June 26th – Paimio Sanatorium and Hvitträsk Villa

Today we visited two distinctive projects:  Paimio Sanatorium by Alvar Aaltó and Hvitträsk mansion by Geselius, Lindgren, and Saarinen architects.

The sanatorium was built during the 20’s and 30’s when Finnish healthcare progressed tremendously as more hospitals, sanatoriums, and mental institutions were being built. Alvar Aalto was interested in this kind of institutional architecture
and submitted the Paimio Sanatorium project for a competition, and won a prize.  Aalto believed that physicians and architects must work together to treat patients.

Before antibiotics the most important combatant against TB was sunlight, fresh air, and hygiene. He believed that the spaces that the patients inhabit were just as vital to a person’s treatment. Every architectural detail has a clinical function. 

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Aalto describes the Paimio Sanatorium: “The main purpose of the building is to function as a medical instrument”; “one of the basic prerequisites for healing is to provide complete peace. The room design is determined by the depleted strength of the patient, reclining in his bed. The color of the ceiling is chosen for quietness, the light sources are outside the patients field of vision towards the patient’s feet, and the water runs soundlessly from the taps to make sure that no patient disturbs his neighbor.”

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The patients’ rooms themselves received particular consideration. Because each space was originally designed to house two convalescents, Aalto created special no-splash sinks that would allow users to wash without disrupting the other. Lighting is located up high or down low, never at sight lines. Soothing, non-glare colors are utilized throughout the building—see the pale-yellow staircases and soothing blue common spaces. Windowed rooms connect to the landscape. A building for the ill becomes an inspiration for life.

Paimio_Sanatorium_entrance

Paimio Sanatorium The sanatorium consists of a patient’s wing and sanatorium. The structure of the sanatorium consists of a concrete pillar frame with external walls of brick. The open air wing was the biggest concrete structure of its time, balanced on a single row of pillars.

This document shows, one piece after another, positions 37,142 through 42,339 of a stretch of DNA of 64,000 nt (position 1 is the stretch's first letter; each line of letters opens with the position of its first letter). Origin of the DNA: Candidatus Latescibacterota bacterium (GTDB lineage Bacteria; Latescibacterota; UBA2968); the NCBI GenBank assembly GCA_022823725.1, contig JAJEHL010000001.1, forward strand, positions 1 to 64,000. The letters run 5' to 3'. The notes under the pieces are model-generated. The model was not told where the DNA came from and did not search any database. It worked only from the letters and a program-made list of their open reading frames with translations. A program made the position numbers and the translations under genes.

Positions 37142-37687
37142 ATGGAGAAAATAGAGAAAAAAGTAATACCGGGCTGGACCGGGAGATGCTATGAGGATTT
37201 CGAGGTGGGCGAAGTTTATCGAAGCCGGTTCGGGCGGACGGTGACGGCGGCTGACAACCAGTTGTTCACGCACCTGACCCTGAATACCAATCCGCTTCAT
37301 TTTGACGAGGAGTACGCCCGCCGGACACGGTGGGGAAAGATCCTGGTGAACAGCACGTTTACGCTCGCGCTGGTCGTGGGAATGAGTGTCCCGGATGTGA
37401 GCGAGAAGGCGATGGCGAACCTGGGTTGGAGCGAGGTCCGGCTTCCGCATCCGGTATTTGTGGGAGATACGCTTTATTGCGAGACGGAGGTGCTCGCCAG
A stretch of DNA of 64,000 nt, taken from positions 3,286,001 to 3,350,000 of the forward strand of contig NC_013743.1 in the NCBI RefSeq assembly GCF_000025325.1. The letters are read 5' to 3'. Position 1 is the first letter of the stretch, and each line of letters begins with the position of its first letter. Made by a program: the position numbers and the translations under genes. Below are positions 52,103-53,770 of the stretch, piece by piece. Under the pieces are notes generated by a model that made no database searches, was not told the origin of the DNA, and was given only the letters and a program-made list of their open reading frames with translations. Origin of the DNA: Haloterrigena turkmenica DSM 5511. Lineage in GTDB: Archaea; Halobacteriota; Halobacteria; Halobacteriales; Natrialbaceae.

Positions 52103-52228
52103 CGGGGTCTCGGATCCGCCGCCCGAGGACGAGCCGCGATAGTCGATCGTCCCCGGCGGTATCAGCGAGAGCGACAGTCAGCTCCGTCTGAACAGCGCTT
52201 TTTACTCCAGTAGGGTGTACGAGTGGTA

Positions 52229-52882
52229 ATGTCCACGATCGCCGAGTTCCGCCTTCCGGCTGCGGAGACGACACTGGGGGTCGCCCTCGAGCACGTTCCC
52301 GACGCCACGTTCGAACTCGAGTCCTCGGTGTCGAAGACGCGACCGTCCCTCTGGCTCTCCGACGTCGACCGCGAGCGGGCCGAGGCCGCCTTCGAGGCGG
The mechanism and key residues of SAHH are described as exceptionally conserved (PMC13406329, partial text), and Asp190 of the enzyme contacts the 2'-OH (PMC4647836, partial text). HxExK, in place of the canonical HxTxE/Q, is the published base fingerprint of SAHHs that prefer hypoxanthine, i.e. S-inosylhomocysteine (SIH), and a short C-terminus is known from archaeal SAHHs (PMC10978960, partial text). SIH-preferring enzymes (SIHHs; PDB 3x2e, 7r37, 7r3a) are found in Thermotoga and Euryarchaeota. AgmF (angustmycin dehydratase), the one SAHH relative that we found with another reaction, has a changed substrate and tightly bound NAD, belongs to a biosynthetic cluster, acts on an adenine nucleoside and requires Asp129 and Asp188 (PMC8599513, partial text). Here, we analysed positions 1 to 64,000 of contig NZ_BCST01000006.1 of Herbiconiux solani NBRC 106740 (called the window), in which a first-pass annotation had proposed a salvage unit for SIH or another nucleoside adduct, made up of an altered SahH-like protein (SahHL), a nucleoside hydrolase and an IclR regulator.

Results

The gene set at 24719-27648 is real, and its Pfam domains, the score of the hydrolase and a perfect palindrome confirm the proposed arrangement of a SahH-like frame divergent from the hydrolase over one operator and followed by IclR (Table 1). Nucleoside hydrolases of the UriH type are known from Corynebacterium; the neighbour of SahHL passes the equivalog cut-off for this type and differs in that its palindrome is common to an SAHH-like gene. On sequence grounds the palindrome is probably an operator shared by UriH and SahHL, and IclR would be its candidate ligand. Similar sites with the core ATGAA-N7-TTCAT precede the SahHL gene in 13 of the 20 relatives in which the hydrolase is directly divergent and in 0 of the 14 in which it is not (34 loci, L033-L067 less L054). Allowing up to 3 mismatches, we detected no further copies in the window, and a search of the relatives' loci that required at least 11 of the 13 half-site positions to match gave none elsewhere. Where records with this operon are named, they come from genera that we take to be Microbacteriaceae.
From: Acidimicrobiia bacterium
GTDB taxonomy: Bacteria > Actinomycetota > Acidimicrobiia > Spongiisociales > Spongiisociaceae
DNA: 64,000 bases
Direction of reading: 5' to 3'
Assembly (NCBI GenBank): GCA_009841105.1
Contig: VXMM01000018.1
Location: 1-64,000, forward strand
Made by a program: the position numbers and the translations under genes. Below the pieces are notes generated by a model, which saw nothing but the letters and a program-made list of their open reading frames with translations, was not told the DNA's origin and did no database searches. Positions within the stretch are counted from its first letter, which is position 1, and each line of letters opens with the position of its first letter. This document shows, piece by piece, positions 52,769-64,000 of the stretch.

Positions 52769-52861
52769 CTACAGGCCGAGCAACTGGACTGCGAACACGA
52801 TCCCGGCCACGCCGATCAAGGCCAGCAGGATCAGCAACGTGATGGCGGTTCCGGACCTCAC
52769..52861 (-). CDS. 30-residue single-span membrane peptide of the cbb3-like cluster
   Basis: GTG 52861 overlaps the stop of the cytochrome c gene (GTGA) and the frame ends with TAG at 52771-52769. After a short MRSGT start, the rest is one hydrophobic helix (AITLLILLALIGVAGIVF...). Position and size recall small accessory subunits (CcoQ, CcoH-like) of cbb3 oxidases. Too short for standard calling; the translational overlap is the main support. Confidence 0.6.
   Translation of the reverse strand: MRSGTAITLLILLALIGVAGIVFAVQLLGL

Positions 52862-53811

Aalto_sanatorium_1 paimio-sanatorium-3

Paimio Sanatorium                     Alvar Aalto 1929-33

Our second destination is Villa Hvitträsk. 

http://www.nba.fi/en/museums/hvittrask

Hvitträsk was built between 1901-1903 by Finnish architects Herman Gesellius, Armas Lindgren and Eliel Saarinen.´The house is located on a forested ridge near the shore of Lake Vitträsk, about thirty kilometers west of Helsinki. The buildings are arranged along a rocky ridge. The long wall of the main house is placed with dramatic effect against a steep rise.

The house rises in a series of terraces and stairways and its upper storeys are given breadth by balconies, terraces, and bay windows. The courtyard is much more restrained. It is sheltered and open to the sun.

DSC_0329The main building, designed in National Romantic style, is built of logs and natural stone, that was both a common studio and a home for Eliel Saarinen and Armas Lindgren. Gesellius lived in the courtyard building and later moved into the north-wing of the main building after Lindgren relocated in Helsinki.

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The interior strikes with ornamentation in National Romantic style, oftentimes the decor elements are reminicent of Kalevala.

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Stained glass window in Hvittrask, the private residence of Eliel Saarinen in Kirkkonummi, Finland

5905873924_88fb174ae8_z hvitträsk_liekkitakka-2House at Hvittrask, Near Helsinki, 1902, Balcony Detail, Architect Eliel Saarinen HT huset dörrbeslag

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